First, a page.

net (magazine)

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net
Editor Oliver Lindberg
Categories Internet
Frequency monthly
Circulation 14,546 Jan-Dec 2011
Publisher Stuart Anderton
First issue 1994
Company Future plc
Country United Kingdom
Language English
Website www.creativebloq.com/net-magazine

net (formerly .net) is a monthly Internet magazine and website published in the UK by Future plc. Founded in 1994, net magazine is published every four weeks (13 issues per year). The magazine was initially aimed at the general Internet user, but has adapted into a title aimed at professional and amateur web designers; a significant proportion of its readers are full-time web developers. In 2011 it also launched as a digital edition for tablet computers.

The front cover features artwork from different graphic designers. Digital art and designers are also catered for in the magazine, with a dedicated section called /showcase.

.net was previously sold under the name Web Builder in the USA. In December 2006, it took on the name of Practical Web Design in the wake of that particular publication's closure in the UK.

Artwork is still a key part of the magazine, and it features various web designers' work in a dedicated section each issue.

Content[edit]

Usually, each issue contains the following sections:

/inbox
Letters from magazine readers.. A Mail of the Month is chosen by the editorial staff that wins a £50 book voucher for books by technology publisher O'Reilly. [1] This section also includes Penny Forum which publishes a joke or surreal thread from the magazines forums.
/feed
Taglined choice cuts from across the web, feed is a combination of news and editorial about the Internet. For example Industry News, Book Reviews, which is the best... and a column by a different industry professional each month. Also included in this section is Net Gamer, which is one of the few parts of the magazine that doesn't deal with web development and the Internet.

The magazine's tutorials in PHP and other web technologies are particularly popular, and in 2004, the tutorial section was moved from the main body of the magazine, dubbed Web Builder, and bound separately. As a result, .net was sold with Web Builder as two magazines in the same package. However, due to negative response from the readership, .net reintegrated the Web Builder supplement.

Staff[edit]

.net is currently edited by Oliver Lindberg. Past editors include Dan Oliver, Paul Douglas, Dave Taylor, Richard Longhurst and Lisa Jones.

There are currently three full-time staff working on .net magazine. These are editor Oliver Lindberg, deputy editor Martin Cooper and digital editor Tanya Combrinck. Regular writers include Craig Grannell, Paul Wyatt, Bruce Lawson, Jenn Lukas, Karl Hodge, Mark Penfold and Gary Marshall.

Redesign[edit]

In August 2006 (Issue 152), the magazine was redesigned to include a new themed cover design and a new inner layout. Other changes were the addition of a new section at the back of the magazine called Trash replacing comics by drew and the Hi! Monkey[2] Soon after the redesign a column entitled Web Drifter was introduced; written by Martin Sargent, it usually contained issues and language considered vulgar by the readership, and it was subsequently cancelled.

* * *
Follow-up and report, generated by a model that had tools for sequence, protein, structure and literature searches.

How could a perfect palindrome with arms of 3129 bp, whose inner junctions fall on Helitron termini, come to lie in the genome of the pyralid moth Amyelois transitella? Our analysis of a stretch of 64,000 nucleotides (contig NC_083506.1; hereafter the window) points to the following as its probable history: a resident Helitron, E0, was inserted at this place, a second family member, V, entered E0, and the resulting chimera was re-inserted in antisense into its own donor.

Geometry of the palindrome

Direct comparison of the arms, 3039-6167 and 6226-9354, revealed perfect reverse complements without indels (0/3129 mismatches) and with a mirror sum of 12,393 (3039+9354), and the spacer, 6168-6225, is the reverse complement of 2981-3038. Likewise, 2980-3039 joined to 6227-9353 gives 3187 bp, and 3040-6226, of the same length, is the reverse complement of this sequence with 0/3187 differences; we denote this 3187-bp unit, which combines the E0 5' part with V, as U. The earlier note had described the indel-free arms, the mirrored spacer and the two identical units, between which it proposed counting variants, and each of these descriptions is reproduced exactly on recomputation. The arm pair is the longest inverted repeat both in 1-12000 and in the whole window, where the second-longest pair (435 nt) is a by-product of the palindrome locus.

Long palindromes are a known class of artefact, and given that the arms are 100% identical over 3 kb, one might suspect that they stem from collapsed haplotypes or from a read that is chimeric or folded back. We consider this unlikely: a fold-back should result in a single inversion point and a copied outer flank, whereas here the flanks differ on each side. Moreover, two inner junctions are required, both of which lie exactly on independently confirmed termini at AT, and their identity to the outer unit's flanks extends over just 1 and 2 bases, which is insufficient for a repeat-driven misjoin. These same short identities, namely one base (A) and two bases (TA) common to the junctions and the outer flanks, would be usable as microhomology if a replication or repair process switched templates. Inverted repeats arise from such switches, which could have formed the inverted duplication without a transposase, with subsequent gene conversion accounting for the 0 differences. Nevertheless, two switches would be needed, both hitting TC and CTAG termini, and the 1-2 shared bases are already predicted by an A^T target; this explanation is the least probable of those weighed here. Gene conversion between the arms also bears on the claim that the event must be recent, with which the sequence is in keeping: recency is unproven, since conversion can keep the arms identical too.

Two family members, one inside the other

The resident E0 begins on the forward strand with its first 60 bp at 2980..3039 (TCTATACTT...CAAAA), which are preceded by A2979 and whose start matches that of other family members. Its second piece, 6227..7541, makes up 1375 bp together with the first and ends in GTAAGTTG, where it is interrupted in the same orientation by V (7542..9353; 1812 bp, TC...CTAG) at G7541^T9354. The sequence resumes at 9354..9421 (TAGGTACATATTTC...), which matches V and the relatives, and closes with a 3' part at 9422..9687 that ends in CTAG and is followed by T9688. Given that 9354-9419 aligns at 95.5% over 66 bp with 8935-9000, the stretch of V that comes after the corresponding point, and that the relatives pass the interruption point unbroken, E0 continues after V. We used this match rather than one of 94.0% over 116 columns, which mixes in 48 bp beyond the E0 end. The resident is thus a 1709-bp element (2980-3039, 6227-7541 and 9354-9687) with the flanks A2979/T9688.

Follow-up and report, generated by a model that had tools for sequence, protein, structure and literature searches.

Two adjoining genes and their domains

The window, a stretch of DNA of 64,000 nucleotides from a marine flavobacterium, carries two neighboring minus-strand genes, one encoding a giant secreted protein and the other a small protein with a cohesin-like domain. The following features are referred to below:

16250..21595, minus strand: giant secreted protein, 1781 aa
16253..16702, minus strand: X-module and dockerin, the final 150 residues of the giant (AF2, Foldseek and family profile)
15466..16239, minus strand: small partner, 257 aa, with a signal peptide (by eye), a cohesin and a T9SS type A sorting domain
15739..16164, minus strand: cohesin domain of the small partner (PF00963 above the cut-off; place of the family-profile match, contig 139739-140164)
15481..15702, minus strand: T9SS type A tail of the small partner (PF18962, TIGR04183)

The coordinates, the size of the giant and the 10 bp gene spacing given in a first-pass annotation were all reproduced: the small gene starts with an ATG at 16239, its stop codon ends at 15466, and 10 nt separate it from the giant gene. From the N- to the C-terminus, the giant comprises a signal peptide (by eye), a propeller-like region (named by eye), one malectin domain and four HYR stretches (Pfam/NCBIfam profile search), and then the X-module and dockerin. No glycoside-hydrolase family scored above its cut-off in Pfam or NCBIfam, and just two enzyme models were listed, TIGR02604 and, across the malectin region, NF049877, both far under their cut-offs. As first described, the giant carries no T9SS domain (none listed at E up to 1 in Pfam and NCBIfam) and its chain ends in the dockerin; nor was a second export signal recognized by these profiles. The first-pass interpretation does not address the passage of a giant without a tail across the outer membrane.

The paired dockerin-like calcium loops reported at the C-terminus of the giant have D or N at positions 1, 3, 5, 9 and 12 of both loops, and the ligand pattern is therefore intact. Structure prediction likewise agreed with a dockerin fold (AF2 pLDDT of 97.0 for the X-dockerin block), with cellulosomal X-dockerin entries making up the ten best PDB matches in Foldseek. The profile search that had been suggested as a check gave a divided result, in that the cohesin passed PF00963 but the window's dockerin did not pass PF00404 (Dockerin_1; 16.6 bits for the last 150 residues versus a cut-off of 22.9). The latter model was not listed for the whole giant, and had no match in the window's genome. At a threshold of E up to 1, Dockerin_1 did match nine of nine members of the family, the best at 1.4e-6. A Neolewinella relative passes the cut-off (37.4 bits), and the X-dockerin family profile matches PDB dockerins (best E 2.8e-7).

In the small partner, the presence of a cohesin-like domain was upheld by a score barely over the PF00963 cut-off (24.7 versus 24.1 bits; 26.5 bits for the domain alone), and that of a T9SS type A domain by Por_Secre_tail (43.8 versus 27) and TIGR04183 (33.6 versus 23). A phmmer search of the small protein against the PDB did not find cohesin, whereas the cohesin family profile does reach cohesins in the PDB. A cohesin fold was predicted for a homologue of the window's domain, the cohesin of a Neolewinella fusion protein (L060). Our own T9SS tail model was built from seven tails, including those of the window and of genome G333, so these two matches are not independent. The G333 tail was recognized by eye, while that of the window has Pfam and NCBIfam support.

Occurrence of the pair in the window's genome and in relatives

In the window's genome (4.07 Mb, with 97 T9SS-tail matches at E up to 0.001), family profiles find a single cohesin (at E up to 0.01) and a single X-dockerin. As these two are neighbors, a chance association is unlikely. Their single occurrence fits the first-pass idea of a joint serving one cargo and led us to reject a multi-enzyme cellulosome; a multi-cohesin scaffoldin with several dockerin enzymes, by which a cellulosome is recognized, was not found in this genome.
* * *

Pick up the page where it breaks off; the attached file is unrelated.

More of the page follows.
In issue 152, the Penny Forum[3] section was removed but reinstated for issue 153 onwards due to large reader response to its removal. Another addition was Web Pro in the latter half of the magazine. This is sectioned into several topics (web security, careers, search engine news and web hosting) and written by industry professionals. There is also a web FAQ section.

History[edit]

.net was compared to Cre@te online following its redesign. Cre@te was very much a style-led magazine, also produced by Future plc, but included technical articles as well, attempting to demonstrate the convergence of digital arts with software development.

In January 2007, the first .net podcast was launched, immediately placing at no.5 in the technology podcasts section of iTunes.

As of August 10 2014, the www.netmag.co.uk website isn't accessible and content previously available freely at netmagazine.com is gone too. The magazine continues to be published in print and also distributed digitally through iTunes and Google Play. Selections of the more recent content of the net magazine are also published freely at Future's new creativebloq.com website, which was launched in 2012, headed by .net editor Dan Oliver.[4]

Footnotes[edit]

  1. ^ This has been subject of controversy. In issue 154 (October 2006), a letter was published from Lee Crampton pointing out that the image of a pile of O'reilly books used to advertise the prize could not actually be bought for £50. He said: It is akin to the car adverts that which say 'only £6,995' but the small text underneath states 'model shown £10,995. Following the letter (and from issue 154) .net now prints a disclaimer underneath the image noting: All these for £50? You must be joking! Books don't grow on trees, you know.
  2. ^ Hi! Monkey was a regular column written by monkey from himonkey.net. Monkey was originally featured in the magazine’s The Brains Behind interview in October 2005 (issue 141). His subsequent columns highlighted monkey’s unique writing style as he expounded on a number of eclectic topics. It ran from issue 143 (December 2005) to issue 151 (July 2006) when the magazine was redesigned. Archives of his columns are hidden on monkey's site.
  3. ^ Penny Forum is a short piece with any surreal or joke threads from the magazines forum
  4. ^ http://www.techradar.com/news/world-of-tech/creative-bloq-launches-for-design-fanatics-1087131

External links[edit]